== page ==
The Making of a Restoration CD
"A Gramophone Recital with E.J.Moeran"


Gramophone Recital cover

The original 78s

The whole project came out of a web search. I regularly trawl the Internet for snippets about Moeran to include in the site, and early in 2002 I was doing just such a search when I unearthed "Tim's Old Records Site". Tim Edwards is an Englishman living in rural Indiana, and runs a business selling and auctioning from his huge collection of 78s and vintage LPs. He'd listed a set of discs which made up the Symphony in G minor, and when I contacted him to enquire about shipping across the Atlantic he told about the other Moeran 78s he'd got tucked away somewhere.

A quick straw poll later of the Moeran mailing list members convinced me that it would be financially viable to buy the discs, get them sent across the Atlantic, and get to work turning them into a CD. I'd long had my doubts about certain aspects of the Dutton restorations of these recordings and wondered if I might improve on them - or at least provide an alternative to them. I've also noticed how increasingly difficult the Dutton CDs have become to track down - and of course the works are split across 3 CDs with works by other composers.

The transfers

I was amazed to find, when the discs turned up carefully wrapped and intact, that they looked on first inspection as if they'd never been played. In retrospect I think most of the Moeran LPs I've bought second hand have been in a similar condition - perhaps they've been bought out of curiosity and then shelved. Anyway, there were clearly none of the perils associated with 78s - bad surface wear, huge scratches or cracks, mould, mildew or ingrained dust. No doubt they would benefit from a refreshing wash after all these years, but I decided the best option would be to digitise them straight away as an insurance policy against accidental damage.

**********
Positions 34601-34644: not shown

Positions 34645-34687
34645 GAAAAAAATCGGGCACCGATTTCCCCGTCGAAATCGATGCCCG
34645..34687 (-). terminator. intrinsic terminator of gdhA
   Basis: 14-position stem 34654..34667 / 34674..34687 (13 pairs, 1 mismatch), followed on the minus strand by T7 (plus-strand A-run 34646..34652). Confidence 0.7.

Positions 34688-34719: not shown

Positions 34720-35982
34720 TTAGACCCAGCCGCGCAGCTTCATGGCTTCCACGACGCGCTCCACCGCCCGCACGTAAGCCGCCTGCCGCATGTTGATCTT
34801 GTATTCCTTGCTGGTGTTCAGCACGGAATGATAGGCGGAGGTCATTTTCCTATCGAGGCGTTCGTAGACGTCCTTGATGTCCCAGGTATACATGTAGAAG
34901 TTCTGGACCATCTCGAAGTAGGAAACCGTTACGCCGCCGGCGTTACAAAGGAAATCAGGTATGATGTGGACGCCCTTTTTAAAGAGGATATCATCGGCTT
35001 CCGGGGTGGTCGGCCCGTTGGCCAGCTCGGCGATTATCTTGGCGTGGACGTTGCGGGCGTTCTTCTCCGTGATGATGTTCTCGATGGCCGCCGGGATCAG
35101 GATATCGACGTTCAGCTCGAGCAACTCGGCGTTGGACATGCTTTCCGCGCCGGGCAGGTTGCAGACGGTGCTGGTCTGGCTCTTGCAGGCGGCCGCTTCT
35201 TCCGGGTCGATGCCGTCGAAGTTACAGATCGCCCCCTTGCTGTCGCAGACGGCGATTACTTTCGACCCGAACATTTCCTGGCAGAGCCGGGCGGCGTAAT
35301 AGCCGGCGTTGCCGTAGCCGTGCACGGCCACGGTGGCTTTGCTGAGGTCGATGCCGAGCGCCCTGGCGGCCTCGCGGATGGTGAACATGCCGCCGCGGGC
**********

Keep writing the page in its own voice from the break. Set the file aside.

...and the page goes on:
This allowed me to have my first go at a bit of restoration, and I chose the Heddle Nash disc as something to start on and refine my techniques. I was at first disappointed, and spent much time trying different methods before arriving at something I felt I might live with. It turns out that the Nash disc, which was released in 1945, suffers far more from shellac surface noise than the other, earlier discs, and I wonder if this has anything to do with wartime materials shortages. The same problem is apparent on the Dutton transfers.